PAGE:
Researchers Find Names of 102 Indigenous Children Who Died at a Nebraska Residential School

  Amanda Casanova | Contributor | Wednesday, November 17, 2021
Researchers Find Names of 102 Indigenous Children Who Died at a Nebraska Residential School

Researchers in Nebraska have found the names of 102 indigenous children who died at a federal boarding school in the Genoa, Nebraska area during its operation between 1884 and 1934.

“These children died at the school,” Margaret Jacobs, a history professor at the University of Nebraska-Lincoln, told the Omaha World-HeraldJacobs is also the co-director of the Genoa Indian School Digital Reconciliation Project.

“They didn’t get a chance to go home. I think that the descendants deserve to know what happened to their ancestors.”

According to Relevant Magazine, the Genoa Indian School Digital Reconciliation Project is part of an investigation into the legacy of boarding schools where indigenous children were forcibly sent to in an attempt to assimilate them.

The boarding schools were intended to re-educate and convert the children, but many of those schools used forced labor and abuse.

The Genoa Indian School Digital Reconciliation Project has been working to identify the more than 100 children who died at the boarding school.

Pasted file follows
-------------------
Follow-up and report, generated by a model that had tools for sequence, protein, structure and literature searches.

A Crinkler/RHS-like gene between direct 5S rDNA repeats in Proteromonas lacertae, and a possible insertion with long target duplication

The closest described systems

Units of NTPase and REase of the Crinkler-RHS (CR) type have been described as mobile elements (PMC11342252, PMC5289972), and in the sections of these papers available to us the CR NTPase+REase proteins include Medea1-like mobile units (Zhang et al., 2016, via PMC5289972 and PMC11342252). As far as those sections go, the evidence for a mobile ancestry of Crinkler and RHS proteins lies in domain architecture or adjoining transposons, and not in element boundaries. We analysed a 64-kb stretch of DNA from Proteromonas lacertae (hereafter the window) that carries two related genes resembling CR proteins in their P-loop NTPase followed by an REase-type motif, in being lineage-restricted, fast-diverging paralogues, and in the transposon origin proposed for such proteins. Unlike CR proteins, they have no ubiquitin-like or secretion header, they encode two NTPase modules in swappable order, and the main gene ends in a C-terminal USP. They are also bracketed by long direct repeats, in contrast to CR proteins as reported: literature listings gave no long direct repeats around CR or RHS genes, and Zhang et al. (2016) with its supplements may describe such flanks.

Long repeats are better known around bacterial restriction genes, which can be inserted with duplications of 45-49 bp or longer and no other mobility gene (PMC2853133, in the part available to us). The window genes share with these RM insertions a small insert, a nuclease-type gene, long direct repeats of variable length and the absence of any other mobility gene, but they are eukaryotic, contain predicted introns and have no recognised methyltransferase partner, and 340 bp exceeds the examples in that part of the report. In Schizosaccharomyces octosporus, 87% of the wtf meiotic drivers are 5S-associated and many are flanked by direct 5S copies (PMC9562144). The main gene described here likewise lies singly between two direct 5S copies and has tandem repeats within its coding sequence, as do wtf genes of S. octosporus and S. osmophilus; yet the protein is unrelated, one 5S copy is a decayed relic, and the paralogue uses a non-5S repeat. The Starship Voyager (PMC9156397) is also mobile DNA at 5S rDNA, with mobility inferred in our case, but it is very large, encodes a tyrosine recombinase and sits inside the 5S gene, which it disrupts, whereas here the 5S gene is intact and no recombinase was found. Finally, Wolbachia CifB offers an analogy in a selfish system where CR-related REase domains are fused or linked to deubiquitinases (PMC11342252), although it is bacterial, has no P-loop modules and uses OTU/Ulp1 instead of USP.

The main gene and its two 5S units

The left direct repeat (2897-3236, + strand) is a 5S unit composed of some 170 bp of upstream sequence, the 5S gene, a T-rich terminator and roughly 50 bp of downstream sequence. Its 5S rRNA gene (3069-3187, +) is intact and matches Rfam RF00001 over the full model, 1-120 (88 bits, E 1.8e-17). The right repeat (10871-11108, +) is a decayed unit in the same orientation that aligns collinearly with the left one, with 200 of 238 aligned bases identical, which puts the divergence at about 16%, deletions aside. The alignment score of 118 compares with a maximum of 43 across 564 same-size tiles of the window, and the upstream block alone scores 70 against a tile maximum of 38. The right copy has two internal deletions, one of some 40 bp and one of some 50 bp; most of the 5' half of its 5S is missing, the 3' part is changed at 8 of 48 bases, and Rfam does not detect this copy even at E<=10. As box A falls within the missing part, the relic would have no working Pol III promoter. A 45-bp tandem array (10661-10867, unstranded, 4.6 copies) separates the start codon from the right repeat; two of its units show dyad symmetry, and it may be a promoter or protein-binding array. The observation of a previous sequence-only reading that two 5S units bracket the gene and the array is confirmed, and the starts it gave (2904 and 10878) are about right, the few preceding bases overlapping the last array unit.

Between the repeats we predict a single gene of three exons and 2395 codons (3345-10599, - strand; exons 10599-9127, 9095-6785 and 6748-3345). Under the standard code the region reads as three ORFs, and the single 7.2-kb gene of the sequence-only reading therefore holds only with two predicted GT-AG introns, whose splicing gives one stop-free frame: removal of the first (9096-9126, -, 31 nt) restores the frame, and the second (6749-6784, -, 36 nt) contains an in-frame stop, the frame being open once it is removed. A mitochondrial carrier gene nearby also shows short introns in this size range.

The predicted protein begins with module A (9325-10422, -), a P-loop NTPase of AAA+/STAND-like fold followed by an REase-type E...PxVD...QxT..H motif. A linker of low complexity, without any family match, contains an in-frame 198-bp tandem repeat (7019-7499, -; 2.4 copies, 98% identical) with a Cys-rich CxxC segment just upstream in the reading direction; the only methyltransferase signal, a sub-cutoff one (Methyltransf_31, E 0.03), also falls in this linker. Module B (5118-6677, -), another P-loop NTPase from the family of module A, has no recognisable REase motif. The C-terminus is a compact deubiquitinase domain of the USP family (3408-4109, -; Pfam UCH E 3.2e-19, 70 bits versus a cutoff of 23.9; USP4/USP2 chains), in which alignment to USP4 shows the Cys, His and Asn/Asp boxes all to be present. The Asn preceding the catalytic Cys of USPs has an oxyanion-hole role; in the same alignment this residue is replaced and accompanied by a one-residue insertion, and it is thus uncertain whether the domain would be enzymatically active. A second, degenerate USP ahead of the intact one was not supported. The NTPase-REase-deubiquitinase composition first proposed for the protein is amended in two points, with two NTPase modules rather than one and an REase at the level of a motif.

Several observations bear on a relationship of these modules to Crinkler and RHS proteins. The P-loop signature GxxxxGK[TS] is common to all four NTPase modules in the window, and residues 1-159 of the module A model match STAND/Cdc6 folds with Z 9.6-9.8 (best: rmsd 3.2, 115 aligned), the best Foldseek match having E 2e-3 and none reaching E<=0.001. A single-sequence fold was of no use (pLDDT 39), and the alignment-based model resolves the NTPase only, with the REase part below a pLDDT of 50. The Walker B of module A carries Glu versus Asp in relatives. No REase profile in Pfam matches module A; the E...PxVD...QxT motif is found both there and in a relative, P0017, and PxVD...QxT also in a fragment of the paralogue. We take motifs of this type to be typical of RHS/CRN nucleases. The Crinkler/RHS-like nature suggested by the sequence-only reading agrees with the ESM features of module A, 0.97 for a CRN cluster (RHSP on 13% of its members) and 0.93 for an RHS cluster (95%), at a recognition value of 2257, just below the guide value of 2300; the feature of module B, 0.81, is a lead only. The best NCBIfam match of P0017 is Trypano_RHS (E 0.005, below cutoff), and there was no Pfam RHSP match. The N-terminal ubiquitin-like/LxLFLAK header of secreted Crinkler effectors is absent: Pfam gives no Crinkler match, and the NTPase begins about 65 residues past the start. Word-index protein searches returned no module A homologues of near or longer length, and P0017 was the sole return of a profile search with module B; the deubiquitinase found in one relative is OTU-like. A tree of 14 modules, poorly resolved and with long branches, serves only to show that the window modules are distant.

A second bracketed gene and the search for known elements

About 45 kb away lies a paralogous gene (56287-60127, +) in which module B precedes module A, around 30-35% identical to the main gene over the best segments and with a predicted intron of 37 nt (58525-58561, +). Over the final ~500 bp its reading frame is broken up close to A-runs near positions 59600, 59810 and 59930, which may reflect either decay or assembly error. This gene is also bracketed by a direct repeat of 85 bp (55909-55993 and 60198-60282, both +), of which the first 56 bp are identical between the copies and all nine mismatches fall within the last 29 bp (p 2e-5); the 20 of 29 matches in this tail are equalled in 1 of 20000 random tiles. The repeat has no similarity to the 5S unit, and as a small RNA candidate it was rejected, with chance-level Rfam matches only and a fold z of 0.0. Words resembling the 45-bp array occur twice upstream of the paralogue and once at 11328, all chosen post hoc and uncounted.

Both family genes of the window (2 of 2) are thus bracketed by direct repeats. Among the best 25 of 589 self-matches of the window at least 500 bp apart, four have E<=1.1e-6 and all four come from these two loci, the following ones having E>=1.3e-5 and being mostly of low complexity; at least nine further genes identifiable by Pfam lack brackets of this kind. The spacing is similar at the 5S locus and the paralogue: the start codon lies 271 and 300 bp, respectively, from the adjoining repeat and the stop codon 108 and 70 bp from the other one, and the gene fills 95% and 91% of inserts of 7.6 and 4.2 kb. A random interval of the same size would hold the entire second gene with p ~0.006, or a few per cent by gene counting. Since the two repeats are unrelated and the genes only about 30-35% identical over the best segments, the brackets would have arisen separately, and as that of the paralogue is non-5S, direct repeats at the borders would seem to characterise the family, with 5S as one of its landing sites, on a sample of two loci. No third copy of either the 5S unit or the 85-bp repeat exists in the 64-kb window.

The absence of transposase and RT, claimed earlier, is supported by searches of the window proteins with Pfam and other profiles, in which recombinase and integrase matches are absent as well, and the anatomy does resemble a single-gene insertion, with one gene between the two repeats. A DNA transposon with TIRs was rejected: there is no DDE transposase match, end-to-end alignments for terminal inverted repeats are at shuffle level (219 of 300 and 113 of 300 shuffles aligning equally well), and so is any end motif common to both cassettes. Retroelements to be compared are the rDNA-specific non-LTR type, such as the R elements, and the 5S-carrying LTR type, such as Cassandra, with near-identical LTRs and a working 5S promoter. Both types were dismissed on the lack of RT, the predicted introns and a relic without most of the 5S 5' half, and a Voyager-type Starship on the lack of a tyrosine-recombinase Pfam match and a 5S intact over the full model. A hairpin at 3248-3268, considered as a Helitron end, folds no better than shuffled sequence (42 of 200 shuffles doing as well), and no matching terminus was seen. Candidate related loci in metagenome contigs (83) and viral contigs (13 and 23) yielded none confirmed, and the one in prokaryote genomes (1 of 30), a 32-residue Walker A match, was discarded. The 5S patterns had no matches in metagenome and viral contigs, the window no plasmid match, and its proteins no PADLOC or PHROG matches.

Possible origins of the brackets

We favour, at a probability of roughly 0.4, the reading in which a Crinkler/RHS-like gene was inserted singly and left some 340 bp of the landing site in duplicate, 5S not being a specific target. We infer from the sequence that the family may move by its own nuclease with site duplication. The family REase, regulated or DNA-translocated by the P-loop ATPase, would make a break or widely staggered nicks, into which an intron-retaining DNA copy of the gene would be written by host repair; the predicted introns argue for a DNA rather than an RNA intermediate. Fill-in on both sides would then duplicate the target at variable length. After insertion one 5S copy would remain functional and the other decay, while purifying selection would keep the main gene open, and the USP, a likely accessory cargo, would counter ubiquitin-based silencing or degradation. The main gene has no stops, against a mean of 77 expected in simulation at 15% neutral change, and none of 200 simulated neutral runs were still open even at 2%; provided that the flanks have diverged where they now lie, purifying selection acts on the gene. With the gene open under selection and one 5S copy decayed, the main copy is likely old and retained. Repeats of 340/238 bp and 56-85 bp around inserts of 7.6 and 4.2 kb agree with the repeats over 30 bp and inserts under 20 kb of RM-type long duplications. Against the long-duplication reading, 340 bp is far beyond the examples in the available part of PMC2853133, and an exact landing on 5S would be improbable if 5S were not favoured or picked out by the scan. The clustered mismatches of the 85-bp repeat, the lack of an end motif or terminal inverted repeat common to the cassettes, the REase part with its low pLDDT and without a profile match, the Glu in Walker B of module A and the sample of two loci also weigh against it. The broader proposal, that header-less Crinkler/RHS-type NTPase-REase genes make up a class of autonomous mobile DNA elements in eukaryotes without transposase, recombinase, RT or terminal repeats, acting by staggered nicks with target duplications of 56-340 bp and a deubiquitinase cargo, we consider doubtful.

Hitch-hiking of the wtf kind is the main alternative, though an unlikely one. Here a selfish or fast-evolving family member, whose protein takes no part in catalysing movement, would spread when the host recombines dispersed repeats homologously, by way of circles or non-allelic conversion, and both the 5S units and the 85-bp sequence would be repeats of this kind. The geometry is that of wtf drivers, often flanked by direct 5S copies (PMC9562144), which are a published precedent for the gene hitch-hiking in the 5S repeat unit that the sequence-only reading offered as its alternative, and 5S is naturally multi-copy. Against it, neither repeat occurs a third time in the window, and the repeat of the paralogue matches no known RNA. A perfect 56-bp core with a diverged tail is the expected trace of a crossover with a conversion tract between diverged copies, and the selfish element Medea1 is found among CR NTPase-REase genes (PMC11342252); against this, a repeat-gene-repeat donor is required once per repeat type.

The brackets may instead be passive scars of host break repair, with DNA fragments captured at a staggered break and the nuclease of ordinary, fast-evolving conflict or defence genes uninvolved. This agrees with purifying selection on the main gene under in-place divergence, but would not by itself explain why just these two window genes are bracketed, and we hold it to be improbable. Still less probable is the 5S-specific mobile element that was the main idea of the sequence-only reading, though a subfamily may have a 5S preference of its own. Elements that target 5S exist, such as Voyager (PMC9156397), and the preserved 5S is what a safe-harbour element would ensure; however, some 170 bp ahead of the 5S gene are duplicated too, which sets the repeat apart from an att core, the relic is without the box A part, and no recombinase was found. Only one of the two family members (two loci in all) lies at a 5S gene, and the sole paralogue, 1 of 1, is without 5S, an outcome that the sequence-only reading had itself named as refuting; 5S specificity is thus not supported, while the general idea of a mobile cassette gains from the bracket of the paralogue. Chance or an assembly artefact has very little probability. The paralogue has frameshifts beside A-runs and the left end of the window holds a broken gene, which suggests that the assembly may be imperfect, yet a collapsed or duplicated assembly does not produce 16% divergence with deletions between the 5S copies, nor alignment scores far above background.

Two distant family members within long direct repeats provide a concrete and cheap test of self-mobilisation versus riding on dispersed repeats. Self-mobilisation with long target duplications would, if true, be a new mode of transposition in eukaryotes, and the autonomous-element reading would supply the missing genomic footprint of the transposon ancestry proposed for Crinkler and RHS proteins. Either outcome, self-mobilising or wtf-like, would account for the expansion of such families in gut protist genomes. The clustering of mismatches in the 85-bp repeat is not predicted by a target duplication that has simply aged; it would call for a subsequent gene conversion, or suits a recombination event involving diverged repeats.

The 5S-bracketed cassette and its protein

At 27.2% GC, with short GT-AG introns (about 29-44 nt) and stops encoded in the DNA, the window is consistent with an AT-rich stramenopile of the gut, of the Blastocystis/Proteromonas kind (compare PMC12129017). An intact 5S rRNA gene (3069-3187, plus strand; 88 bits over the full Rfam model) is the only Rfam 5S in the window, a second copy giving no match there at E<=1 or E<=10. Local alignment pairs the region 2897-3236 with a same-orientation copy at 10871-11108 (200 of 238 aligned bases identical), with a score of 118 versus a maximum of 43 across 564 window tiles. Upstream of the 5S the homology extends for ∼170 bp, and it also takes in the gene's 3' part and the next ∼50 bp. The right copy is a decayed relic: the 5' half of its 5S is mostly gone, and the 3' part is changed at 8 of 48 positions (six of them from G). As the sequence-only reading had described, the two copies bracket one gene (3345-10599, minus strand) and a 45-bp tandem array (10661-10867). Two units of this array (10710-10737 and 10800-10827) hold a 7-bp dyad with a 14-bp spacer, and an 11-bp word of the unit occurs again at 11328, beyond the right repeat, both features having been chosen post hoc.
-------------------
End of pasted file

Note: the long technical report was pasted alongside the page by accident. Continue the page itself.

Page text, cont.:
Relevant Magazine reports that, so far, researchers have not found any documents detailing the deaths of the children.

The Genoa boarding facility was one of the largest of 25 federally funded U.S. assimilative boarding schools in the U.S. At the school’s peak in 1932, the school’s campus housed nearly 600 students, who ranged in age from 4 to 22.

The Nebraska Commission on Indian Affairs is working with the State Archeology Office to find the school’s cemetery. Three areas have already been searched with radar in recent weeks with no discoveries.

“I think America needs to take these little children back home, and if we’re not able to find them, I think we need to do something to recognize that they lost their lives there,” said Judi Gaiashkibos, executive director of the Nebraska Commission on Indian Affairs.

According to school newspapers and stories from former students, many of the children likely died from pneumonia or tuberculosis.


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Photo courtesy: ©Getty Images/Posnov

Amanda Casanova is a writer living in Dallas, Texas. She has covered news for since 2014. She has also contributed to The Houston Chronicle, U.S. News and World Report and She blogs at The Migraine Runner.